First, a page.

Multinational companies may have the option to develop and implement international rotation programs, allowing talent intended for U.S. roles to gain experience with the company abroad before returning stateside. Hiring a foreign national to work for an affiliated company abroad if they are not selected in the H-1B registration would allow them to build up time toward becoming eligible to return to the United States to work in L-1 status. However, transferring an employee to work for the company abroad triggers additional considerations for the employer to address such as issues related to obtaining foreign residency and work authorization.

V. O-1 Extraordinary Ability Visa

Individuals demonstrating extraordinary ability in business, science, education, art, or athletics may qualify for an O-1A visa. To meet this standard, they must be among the top echelon in their respective fields, demonstrating exceptional achievements. This requires evidence of notable accomplishments such as publications, awards, high salaries, or critical roles in prestigious organizations. In fields such as motion pictures and television (O-1B), a “high level of achievement” is required, demonstrating a degree of skill and recognition significantly above the norm. O-1B could be an option for employees with a background as a graphic designer, video game designer, fashion designer, creative director, or visual effects artist, among others.

In O-1A/B petitions, the individual’s accomplishments must be “recognized in the field through extensive documentation” and hence applying for an O-1 visa is often a long and evidence-intensive process. For students, particularly those pursuing a Ph.D. in the sciences, an O-1 visa can be a viable option if they have a record of original research, publications, awards, and presentations.

VI. Spousal Work Authorization and Other Family-Based Options

In some cases, a foreign national employee may be eligible for U.S. work authorization through their spouse. Derivative spouse status as an L-2S, E-1S, E-2S, J-2, or, in some cases, H-4 could provide employment authorization. E-1S, E-2S, and L-2S status provide work authorization incident to status, while J-2 and eligible H-4 spouses must apply for an EAD before they may start working. If an EAD is required, employers should consider processing times as they can be lengthy.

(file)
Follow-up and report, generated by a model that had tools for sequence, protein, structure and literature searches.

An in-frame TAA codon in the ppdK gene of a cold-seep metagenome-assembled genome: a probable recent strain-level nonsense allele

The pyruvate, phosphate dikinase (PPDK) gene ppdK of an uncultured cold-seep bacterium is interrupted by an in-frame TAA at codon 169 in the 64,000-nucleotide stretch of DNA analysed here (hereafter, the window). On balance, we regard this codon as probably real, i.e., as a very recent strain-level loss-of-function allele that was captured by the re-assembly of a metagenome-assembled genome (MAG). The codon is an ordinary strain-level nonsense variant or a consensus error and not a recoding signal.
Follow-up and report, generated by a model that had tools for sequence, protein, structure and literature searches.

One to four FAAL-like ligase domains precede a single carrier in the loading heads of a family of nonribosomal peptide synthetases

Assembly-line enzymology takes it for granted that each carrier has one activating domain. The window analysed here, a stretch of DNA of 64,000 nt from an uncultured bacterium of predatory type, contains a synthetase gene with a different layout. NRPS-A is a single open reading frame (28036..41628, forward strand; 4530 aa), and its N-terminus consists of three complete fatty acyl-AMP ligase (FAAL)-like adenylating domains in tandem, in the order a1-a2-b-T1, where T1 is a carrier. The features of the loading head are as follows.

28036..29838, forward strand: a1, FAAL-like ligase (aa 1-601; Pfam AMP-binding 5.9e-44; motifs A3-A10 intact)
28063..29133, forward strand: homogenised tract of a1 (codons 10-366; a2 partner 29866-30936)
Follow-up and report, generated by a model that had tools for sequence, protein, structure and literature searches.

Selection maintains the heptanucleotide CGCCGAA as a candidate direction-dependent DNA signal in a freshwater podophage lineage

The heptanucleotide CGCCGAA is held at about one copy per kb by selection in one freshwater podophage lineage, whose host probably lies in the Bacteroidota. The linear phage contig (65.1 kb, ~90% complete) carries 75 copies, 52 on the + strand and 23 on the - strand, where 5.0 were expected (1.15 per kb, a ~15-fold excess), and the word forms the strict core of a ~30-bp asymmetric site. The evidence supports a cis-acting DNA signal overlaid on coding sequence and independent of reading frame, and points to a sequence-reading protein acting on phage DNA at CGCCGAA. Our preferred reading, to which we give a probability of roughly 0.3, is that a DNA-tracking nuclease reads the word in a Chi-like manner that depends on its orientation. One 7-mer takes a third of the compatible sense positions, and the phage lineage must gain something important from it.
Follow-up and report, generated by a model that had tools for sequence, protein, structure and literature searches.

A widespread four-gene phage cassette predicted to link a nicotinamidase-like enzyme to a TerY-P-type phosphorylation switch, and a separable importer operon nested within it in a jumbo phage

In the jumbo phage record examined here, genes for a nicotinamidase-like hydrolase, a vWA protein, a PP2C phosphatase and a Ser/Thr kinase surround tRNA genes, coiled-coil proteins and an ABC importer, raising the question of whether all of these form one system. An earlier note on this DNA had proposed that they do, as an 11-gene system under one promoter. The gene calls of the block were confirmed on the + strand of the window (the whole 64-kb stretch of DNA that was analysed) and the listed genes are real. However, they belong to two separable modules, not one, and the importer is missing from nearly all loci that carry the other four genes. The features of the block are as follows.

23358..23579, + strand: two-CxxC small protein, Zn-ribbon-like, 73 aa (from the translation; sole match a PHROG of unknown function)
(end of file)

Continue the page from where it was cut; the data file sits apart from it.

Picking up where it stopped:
VII. Immediate Permanent (Green Card) Sponsorship Options

Foreign nationals meeting the criteria for a green card based on EB-1-1 Extraordinary Ability, EB-1-2 Outstanding Professor or Researcher, EB-2 National Interest Waiver, or EB-2 Schedule A I-140 classification, with an available immigrant visa number, may consider filing an I-485 Application to Adjust Status with a concurrent application for employment authorization along with the employer’s immigrant petition. However, most H-1B cap-subject individuals are recent graduates or early in their careers and may not yet meet the eligibility criteria for these classifications. A green card through PERM Labor Certification was previously a feasible alternative to the H-1B cap especially for students eligible for three years of OPT and STEM OPT-based post graduate work authorization, but timing has become challenging due to lengthy Department of Labor processing times and potential visa number shortages.

VIII. A Creative Option: Look Nearshore

If there is no other viable option, the U.S. company could consider partnering with a Canadian firm to retain talent nearshore. Essentially, after the employee’s U.S. work authorization ends, the Canadian company would hire the employee and contract them back to the U.S. company, allowing the employee to work from Canada on a long-term basis.

As U.S. employers prepare to submit their H-1B registrations for USCIS’s FY 2025 H-1B lottery, selection will be by no means guaranteed and contingency planning will continue to remain key to retain foreign talent.